Fax: +49 69 1344 6000
Web page: http://www.ecb.europa.eu/
Email:


More information through EDIRC

References listed on IDEAS
Please report citation or reference errors to , or , if you are the registered author of the cited work, log in to your RePEc Author Service profile, click on "citations" and make appropriate adjustments.:

as in new window
  1. Julio J. Rotemberg & Michael Woodford, 1998. "Interest-Rate Rules in an Estimated Sticky Price Model," NBER Working Papers 6618, National Bureau of Economic Research, Inc.
  2. Marc P. Giannoni & Michael Woodford, 2003. "Optimal Interest-Rate Rules: II. Applications," Levine's Bibliography 506439000000000394, UCLA Department of Economics.
  3. Jordi Gali, 1996. "Technology, Employment, and the Business Cycle: Do Technology Shocks Explain Aggregate Fluctuations," NBER Working Papers 5721, National Bureau of Economic Research, Inc.
  4. Christopher J. Erceg & Andrew T. Levin, 2001. "Imperfect credibility and inflation persistence," Finance and Economics Discussion Series 2001-45, Board of Governors of the Federal Reserve System (U.S.).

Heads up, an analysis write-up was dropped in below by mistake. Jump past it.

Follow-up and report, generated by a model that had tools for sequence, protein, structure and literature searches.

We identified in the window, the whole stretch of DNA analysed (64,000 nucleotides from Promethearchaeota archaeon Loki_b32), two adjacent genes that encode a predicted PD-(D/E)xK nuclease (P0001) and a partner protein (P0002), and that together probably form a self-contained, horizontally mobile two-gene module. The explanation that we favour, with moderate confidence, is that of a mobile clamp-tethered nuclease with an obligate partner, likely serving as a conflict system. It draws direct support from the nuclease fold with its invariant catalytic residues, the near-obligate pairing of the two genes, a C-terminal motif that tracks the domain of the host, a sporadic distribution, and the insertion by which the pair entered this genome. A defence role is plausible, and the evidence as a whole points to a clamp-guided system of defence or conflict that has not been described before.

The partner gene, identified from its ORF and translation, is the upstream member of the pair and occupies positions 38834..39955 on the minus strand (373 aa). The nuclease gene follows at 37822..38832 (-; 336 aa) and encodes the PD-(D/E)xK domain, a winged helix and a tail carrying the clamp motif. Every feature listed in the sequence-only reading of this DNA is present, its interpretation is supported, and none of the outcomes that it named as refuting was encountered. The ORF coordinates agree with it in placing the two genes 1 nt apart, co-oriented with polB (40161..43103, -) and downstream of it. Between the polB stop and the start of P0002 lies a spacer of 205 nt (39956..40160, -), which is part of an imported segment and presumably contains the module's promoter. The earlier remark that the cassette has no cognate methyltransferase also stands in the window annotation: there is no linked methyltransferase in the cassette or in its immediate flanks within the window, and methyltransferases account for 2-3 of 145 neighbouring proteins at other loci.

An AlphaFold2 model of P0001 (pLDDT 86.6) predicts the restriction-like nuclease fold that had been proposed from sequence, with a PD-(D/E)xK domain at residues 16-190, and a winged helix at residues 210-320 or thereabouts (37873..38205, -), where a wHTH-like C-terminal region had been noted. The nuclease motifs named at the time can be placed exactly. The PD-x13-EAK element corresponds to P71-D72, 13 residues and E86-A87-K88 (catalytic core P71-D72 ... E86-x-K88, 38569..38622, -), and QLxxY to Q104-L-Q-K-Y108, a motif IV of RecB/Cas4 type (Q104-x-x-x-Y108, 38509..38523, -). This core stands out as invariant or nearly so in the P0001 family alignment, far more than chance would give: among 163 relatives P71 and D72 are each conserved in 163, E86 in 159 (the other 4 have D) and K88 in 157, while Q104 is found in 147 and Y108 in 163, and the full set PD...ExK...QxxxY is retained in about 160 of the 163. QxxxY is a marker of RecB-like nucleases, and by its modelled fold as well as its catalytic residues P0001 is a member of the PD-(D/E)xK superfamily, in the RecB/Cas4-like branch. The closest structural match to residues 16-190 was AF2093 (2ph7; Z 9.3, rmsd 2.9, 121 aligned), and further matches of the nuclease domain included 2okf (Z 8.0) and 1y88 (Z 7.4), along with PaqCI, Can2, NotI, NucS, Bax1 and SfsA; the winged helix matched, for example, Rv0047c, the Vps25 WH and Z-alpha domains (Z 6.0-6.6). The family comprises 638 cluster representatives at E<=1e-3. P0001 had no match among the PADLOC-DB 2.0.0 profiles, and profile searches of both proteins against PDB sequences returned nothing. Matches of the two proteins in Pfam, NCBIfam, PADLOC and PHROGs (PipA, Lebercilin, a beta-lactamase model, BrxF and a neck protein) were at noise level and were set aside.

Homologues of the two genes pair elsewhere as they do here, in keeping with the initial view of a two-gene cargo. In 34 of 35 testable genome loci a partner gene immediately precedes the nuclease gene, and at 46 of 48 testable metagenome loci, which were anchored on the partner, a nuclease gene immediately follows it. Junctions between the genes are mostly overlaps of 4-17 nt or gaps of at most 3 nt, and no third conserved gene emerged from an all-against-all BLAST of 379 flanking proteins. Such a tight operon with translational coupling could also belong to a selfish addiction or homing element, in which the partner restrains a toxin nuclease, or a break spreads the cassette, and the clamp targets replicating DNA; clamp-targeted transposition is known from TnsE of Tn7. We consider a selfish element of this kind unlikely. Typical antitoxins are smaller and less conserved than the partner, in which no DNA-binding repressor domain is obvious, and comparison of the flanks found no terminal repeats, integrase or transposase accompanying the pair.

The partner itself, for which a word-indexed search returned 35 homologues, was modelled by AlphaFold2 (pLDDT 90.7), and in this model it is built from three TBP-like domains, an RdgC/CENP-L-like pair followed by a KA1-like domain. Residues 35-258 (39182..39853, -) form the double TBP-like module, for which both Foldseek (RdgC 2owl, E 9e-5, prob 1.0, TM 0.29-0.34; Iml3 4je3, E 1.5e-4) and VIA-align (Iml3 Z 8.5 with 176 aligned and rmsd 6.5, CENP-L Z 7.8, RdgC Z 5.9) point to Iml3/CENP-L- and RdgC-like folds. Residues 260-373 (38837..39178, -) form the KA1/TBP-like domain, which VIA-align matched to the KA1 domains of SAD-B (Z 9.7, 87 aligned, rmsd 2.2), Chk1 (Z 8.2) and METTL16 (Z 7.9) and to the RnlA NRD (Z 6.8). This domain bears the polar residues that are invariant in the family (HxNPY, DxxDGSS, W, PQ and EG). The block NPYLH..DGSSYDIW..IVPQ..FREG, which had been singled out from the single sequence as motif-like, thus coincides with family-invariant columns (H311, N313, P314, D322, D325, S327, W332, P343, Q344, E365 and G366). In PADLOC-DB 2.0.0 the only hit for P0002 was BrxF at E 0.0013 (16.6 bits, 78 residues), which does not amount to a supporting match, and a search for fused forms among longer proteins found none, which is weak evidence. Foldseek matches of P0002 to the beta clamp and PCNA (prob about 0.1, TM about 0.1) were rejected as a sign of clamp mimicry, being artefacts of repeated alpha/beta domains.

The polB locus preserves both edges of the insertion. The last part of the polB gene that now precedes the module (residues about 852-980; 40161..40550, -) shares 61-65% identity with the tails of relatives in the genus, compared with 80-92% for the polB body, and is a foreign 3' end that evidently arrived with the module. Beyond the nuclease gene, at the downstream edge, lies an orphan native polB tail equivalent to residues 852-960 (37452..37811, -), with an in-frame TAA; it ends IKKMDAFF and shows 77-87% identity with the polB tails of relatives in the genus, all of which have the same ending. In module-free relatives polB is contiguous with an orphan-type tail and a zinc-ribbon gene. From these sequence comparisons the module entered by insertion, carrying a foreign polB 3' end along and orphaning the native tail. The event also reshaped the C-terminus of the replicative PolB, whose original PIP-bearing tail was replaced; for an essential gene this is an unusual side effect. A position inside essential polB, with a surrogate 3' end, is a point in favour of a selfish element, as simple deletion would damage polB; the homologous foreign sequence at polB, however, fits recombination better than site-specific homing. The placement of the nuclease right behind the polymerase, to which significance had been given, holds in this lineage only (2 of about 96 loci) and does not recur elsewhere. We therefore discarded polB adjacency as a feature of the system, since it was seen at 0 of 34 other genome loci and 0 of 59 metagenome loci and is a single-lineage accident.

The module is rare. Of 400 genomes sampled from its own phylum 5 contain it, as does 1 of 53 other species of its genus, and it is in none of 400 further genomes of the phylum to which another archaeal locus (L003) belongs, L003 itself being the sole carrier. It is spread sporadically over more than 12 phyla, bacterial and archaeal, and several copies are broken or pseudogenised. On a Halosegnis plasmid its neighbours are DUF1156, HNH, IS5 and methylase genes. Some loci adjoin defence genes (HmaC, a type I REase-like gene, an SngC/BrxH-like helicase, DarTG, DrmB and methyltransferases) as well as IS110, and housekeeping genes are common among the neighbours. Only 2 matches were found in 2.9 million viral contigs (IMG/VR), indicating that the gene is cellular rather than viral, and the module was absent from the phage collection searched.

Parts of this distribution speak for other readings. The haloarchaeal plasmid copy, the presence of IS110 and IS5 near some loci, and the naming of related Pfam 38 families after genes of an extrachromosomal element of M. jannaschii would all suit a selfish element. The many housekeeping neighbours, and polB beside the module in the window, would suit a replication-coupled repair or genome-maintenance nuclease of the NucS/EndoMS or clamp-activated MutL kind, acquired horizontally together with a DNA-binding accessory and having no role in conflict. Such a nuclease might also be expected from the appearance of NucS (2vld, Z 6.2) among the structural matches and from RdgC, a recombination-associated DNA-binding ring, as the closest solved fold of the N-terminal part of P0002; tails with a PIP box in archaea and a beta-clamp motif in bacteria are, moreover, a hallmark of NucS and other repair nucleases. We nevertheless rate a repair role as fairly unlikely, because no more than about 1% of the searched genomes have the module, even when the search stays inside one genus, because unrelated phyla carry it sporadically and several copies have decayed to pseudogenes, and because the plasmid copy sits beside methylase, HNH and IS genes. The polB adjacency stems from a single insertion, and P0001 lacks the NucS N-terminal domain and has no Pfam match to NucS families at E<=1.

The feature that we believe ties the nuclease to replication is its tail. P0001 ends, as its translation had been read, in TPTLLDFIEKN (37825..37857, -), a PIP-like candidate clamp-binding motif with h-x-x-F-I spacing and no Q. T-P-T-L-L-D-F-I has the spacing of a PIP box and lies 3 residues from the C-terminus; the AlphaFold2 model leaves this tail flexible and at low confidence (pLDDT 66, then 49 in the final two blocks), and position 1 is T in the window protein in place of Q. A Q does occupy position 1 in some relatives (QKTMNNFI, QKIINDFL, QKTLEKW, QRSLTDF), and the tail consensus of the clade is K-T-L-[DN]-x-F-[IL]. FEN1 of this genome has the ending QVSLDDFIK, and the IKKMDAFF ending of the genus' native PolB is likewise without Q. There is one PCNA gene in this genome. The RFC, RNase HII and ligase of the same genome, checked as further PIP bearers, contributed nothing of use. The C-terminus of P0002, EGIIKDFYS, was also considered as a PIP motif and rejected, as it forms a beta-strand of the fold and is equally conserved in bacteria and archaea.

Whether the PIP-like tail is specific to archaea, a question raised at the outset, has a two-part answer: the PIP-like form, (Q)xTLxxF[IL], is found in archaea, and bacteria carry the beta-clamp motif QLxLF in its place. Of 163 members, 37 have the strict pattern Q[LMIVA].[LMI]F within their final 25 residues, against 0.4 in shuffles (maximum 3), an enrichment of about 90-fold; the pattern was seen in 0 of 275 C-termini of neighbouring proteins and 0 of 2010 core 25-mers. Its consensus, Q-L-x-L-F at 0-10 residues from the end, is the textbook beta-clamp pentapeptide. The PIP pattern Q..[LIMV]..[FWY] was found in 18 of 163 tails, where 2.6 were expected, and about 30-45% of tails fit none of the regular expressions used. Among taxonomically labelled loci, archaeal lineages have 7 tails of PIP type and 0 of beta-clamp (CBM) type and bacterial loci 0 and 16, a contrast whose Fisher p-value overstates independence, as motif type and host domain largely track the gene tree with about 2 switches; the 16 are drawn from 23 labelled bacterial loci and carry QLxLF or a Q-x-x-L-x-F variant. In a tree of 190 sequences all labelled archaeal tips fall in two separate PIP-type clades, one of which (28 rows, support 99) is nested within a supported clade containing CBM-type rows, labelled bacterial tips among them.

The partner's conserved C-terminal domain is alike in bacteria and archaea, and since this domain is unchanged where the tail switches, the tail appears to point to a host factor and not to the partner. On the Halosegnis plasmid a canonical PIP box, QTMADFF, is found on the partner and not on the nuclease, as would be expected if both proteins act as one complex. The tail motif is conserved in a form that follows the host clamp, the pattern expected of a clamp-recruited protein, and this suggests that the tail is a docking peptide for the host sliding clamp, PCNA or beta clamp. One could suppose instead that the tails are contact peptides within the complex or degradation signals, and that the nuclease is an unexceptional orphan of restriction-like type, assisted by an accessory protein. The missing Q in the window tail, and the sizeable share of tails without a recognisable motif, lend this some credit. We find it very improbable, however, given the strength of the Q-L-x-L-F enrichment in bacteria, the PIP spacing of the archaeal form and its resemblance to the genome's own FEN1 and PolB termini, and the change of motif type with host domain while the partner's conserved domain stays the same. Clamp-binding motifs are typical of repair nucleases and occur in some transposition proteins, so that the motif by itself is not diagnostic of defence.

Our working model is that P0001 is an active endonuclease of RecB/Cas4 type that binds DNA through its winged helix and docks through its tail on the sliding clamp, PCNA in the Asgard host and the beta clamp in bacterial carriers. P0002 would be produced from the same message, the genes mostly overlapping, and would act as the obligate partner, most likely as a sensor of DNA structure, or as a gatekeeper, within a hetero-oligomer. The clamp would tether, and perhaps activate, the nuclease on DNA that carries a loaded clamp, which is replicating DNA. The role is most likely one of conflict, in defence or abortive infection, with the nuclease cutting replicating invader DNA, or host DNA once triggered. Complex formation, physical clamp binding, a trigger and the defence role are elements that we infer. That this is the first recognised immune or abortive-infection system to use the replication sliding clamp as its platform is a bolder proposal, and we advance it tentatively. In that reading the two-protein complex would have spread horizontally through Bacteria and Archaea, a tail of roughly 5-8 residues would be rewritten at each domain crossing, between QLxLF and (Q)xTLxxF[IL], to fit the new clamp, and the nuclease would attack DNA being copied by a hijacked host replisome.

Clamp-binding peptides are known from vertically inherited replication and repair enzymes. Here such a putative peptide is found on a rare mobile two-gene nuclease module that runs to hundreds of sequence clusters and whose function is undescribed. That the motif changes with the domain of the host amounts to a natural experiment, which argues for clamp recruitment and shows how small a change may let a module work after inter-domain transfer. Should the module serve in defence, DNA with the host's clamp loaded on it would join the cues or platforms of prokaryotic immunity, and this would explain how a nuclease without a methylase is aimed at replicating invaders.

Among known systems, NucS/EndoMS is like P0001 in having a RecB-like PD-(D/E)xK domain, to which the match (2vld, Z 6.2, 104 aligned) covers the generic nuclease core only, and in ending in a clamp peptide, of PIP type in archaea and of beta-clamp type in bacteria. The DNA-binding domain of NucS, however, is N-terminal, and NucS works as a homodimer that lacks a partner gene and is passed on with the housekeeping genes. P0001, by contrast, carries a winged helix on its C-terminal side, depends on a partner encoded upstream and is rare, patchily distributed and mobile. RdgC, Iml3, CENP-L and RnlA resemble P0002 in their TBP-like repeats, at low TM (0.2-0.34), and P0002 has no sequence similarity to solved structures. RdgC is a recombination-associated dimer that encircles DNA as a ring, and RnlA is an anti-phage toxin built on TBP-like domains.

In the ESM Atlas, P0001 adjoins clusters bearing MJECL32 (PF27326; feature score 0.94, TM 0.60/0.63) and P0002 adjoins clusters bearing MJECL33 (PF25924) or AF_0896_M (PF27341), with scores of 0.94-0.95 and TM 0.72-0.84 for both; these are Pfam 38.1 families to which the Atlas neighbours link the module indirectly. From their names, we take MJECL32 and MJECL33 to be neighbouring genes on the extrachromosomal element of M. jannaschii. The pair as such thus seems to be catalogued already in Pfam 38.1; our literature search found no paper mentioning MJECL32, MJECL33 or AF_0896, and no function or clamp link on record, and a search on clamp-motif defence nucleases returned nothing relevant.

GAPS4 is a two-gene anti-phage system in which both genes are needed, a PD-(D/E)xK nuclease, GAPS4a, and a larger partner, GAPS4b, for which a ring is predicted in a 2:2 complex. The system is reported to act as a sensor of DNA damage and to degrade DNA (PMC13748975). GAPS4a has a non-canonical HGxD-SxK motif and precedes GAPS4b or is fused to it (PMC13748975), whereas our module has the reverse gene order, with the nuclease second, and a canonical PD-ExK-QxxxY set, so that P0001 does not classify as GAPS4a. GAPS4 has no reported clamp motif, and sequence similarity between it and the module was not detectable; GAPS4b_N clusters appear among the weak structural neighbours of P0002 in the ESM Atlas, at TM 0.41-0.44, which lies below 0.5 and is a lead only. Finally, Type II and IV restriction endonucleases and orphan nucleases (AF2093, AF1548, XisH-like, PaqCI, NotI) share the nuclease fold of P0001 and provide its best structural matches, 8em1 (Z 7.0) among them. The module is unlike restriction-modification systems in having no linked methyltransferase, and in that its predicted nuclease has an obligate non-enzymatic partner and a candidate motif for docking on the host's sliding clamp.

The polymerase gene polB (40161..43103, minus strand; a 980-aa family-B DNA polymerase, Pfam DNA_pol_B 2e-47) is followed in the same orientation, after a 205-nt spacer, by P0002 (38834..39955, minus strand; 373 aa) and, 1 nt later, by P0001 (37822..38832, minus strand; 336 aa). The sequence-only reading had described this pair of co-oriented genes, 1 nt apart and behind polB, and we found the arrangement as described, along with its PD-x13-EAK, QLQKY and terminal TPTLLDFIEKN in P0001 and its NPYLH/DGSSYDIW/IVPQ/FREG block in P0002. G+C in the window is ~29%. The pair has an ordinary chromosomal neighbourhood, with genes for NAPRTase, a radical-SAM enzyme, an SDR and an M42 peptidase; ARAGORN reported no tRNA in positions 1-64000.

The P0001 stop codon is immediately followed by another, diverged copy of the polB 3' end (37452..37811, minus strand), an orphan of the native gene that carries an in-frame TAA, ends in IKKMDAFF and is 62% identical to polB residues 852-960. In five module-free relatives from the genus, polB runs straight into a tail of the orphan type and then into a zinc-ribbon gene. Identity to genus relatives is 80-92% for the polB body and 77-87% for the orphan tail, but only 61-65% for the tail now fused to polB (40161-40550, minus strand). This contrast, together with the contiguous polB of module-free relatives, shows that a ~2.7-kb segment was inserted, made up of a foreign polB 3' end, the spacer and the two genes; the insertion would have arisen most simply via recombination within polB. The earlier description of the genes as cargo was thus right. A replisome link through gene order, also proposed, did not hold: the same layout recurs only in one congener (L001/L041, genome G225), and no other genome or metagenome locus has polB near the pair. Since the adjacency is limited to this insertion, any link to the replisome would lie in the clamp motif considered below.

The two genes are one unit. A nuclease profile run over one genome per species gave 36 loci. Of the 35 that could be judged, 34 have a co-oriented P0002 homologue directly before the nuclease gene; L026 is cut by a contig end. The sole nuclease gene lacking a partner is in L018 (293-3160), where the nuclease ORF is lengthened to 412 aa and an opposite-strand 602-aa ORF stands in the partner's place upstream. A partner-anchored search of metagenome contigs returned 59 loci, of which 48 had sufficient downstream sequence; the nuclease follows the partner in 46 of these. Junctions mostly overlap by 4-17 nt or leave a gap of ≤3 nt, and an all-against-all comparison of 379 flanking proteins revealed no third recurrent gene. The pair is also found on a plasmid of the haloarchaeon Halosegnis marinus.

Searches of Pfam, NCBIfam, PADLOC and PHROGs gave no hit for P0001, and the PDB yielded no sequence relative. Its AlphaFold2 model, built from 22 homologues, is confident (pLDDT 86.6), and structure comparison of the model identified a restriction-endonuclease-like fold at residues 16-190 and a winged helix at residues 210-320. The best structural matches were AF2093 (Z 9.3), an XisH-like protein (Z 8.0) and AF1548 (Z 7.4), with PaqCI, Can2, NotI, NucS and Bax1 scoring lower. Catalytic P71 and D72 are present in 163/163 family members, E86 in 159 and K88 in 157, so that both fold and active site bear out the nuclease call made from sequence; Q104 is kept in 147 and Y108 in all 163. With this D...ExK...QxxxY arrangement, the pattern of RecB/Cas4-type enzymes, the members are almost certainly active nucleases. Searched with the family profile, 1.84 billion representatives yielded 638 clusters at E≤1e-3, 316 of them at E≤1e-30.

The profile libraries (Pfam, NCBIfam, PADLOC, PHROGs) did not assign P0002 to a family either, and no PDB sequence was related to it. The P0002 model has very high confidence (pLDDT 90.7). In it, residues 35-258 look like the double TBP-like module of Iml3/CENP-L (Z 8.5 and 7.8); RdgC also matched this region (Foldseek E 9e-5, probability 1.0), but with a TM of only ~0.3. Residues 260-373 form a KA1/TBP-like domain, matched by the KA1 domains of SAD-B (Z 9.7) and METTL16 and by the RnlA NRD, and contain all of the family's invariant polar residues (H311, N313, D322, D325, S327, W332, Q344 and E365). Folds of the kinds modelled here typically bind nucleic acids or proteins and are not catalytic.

5. Kollmann, Robert, 2002. "Monetary Policy Rules in the Open Economy: Effects on Welfare and Business Cycles," CEPR Discussion Papers 3279, C.E.P.R. Discussion Papers.
  6. Glenn D. Rudebusch & Lars E. O. Svensson, 1998. "Policy rules for inflation targeting," Working Papers in Applied Economic Theory 98-03, Federal Reserve Bank of San Francisco.
  7. Smets, Frank & Wouters, Raf, 2007. "Shocks and frictions in US business cycles: a Bayesian DSGE approach," Working Paper Series 0722, European Central Bank.